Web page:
learned that he could make more
of a difference by working pragmatically from inside the tent.
This kind of adept politicking in
the mainstream helped him win
$800 million in aid for sub-Sahara
Africa in 1985 and major funding
for food for homeless Americans
the following year.
At his death, Leland had moved
closer to the center in his struggle
against hunger, but nobody was
calling him George, He was a
Mickey, for sure.
11 I KNOW NOTHING ABOUT ART, BUT I KNOW WHAT I LIKE.' "
AIDS doctors develop fund for emergency financial nelp
The Chicago-baaed Physicians Association for AIDS Care (PAAC) ia
developing a national "superfund"
for emergency financial assistance The fund, called Project Lifeline , will be used in part to provide
assistance to patients of PAAC physicians. PAAC currently has 460
members nationally, who together
have cared for more than 40,000
people with AIDS and ABC.
The Project lifeline fund la managed by the AIDS Medical resource
Center of Chicago, a non-profit national patient advocacy group. The
project has one of the lowest overhead expense factors of any charitable organi__ation In the United
States, according to the PAAC.
According to Gordon Naiy,
PAAC's executive director, PAAC a
goal Is to raise 82 million during
Its current fiscal year. The organization has asked each of its 28 associate pharmaceutical manufacturer members to contribute to the
fund and Is relying on member
physicians to help raise funds in
their local communities through
corporate fund raising programs.
Tbe board of directors ofthe Southeastern Conference of Lesbians
and Gay Men Inc. will meet In Raleigh, N.C., site of the 1990 conference, Sept. 29, 30 and Oct. 1.
The hoard meets twice yearly, Blte *or ft*ure conferences should
during the annual conference and approach the board before this
in the fell before the next confer- meeting. Further details can be ob-
ence. This meeting will be the first talned from 1990 conference
time board members have had the headquarters.
opportunity to visit a hoat site be- —aids employment
fore to the actual conference.
For the first time, the California
Court of Appeal has
ruled that discrimination against employees with AIDS is
illegal in California.
The court upheld an
earlier decision won
by National Gay
The region consists of 14
southeastern states, from
Maiyland to Florida and
Texas to West Virginia.
Board members hail from
all areas of the region.
Meetings will be held at
the Episcopal Diocese of
North Carolina Center. Persons interested in attending meet- a^a _^ Employment Law Center
lngs or becoming involved with on __jg g against Raytheon Corpo-
She conference are encouraged to ration for discriminating against
call or write the 1990 conference an employee with AIDS.
Headquarters, PO Box 28863, Ra- Jean0T^,NGRAexecutivedl-
lelgh. N.C. 27611.(919) 833-1209. ^^ commellted, ~No one shouId
Discussions during the meeting fear losing a job because of their
will include election of new board HIV or AIDS status. A healthy
members and advisory board economy needs the talents of all its
members, as additional planning citizens in the work place and that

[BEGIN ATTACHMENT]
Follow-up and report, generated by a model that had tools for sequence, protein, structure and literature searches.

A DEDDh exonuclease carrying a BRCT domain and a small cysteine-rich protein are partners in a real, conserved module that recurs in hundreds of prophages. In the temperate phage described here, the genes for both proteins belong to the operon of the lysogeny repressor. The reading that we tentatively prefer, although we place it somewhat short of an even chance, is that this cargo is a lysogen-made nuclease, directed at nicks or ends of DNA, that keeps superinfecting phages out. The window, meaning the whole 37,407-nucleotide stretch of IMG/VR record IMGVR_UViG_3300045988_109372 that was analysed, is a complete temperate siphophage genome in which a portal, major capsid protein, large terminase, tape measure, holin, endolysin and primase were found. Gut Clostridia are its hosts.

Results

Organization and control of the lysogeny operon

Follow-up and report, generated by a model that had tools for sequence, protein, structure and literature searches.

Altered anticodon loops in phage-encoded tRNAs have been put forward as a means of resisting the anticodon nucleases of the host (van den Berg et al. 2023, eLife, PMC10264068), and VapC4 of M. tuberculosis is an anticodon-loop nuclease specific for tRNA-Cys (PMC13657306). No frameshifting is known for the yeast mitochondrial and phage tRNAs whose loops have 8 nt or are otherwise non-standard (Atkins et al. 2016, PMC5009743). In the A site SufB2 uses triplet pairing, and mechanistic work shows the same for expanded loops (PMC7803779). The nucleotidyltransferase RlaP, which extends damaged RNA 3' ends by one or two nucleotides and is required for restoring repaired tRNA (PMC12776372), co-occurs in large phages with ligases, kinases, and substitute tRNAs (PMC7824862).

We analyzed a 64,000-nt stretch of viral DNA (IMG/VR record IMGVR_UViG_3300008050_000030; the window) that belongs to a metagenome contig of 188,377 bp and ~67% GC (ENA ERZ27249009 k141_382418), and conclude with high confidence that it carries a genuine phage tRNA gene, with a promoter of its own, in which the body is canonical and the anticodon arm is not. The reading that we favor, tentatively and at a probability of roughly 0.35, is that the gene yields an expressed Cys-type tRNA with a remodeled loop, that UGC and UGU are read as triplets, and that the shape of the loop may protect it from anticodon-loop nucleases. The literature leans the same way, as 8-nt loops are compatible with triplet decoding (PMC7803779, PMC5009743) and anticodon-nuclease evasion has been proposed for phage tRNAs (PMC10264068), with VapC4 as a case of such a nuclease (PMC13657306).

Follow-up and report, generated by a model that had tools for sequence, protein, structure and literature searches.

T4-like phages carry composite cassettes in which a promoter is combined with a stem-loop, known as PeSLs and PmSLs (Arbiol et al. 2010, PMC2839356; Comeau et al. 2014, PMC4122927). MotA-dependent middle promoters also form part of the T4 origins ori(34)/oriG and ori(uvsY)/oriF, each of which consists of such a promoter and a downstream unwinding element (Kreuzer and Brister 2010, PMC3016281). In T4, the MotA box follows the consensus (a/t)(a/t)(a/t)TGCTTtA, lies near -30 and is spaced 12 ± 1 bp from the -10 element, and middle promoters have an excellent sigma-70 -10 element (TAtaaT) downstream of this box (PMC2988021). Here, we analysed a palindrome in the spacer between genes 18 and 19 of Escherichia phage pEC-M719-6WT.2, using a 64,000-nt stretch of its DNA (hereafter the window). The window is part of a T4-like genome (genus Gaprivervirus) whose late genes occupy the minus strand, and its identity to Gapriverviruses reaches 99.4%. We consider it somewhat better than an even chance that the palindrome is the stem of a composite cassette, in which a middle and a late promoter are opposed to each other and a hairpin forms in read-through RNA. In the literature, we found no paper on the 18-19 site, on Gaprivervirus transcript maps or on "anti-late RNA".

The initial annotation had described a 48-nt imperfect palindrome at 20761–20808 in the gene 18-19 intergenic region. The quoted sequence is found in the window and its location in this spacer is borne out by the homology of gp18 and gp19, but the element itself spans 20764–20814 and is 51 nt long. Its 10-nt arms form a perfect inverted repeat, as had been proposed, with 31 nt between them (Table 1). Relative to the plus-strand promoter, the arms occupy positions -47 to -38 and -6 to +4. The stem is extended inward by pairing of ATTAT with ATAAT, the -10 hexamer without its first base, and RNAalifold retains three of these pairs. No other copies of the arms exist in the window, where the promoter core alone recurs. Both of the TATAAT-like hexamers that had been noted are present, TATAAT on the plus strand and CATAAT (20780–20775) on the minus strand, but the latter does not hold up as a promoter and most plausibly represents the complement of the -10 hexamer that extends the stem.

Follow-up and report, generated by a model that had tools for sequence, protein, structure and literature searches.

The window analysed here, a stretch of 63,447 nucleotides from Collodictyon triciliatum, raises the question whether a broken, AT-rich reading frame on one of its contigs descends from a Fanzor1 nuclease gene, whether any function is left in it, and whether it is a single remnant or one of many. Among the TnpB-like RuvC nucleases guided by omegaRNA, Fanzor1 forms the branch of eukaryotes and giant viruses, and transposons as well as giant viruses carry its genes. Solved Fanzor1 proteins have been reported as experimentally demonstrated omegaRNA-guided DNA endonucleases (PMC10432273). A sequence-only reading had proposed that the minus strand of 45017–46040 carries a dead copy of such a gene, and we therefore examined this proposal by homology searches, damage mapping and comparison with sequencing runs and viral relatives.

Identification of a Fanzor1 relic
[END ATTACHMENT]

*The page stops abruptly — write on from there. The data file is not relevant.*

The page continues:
for the conference and site selec- includes people withAIDS who are
Uon for the 1991 conference, as healthy and able to work''
well as regular business. Ignoring the opinions of its own
Willie D. PIDdngton and Sharon medical staff, Raytheon refused to
Worthtngton, co-chairs for the allow John Chadbourne, a quality
.990 conference, will become i
year board members at the meeting. Tliery will serve during the conference.
Anyone wishing to have their
City considered as a potential hoat
control analyst, to work after he
was diagnosed with AIDS.
Chadbourne died In January of
In February of 1987, NGRA won
a landmark victory when Califor
nia's Fair Employment and Housing Commission ruled that AIDS is
a handicap. The ruling made it illegal for employers to discriminate
against persons wltli the Illness.
After appealing this decision,
Raytheon was ordered by the Santa Barbara Superior Court to pay
back wages to Chadbourne's estate, all attorney's fees, and to begin an "att... in the work place"
training program for all employ-
NGRAs legal director Leonard
Graff said, "The Appellate Court's
decision confirms that Raytheon
was out of step with the rest of corporate America and will be held liable for Its discrimination against
John Chadbourne. This Is a far
reaching ruling that bars all employers in California from discriminating against people with AIDS!'
National Gay Rights Advocates
and the Employment Uw Center
of San Francisco are co-counsel on
the case. Peter Laura from the law
office of Leroy Walker in las Angeles was the trial lawyer
The Human Rights Campaign
Fund Is looking for interns for its
office In Washington, D.C. Interns
work In all program areas, including legislative, political, fleld, lesbian Issues, administration and public relations.
"This is a great opportunity for
someone Interested In lesbian and
gay Issues, or Just In learning how
government and politics work;'
said Eric Rosenthal, HRCF political director. Rosenthal coordinates
the intern program.
"Interns (can) make a contribution to the lesbian and gay movement as they work on important
Interns receive a stipend from
HRCF and must work at least 20
hours per week for three months.
Interns work under the direction
of an HRCF staff member.
People who have questions or
who are interested in applying for
Internships should contact Eric
Rosenthal at (202)628-4160 or at
the Human Rights Campaign
Fund, 1012 14th Street, N.W., 6th
Floor, Washington, DC. 20005. The
application should include a resume, writing sample and a letter
discussing why you want to work
HRCF is the largest national
AIDS and gay and lesbian advocacy
organization and political action
committee. HRCF lobbies, educates
and helps elect members of the U.S.
Congress. HRCF also organizes
and mobilizes gays and lesbians
and their supporters in the field.
and influences public opinion
through national and local media.
to bring you a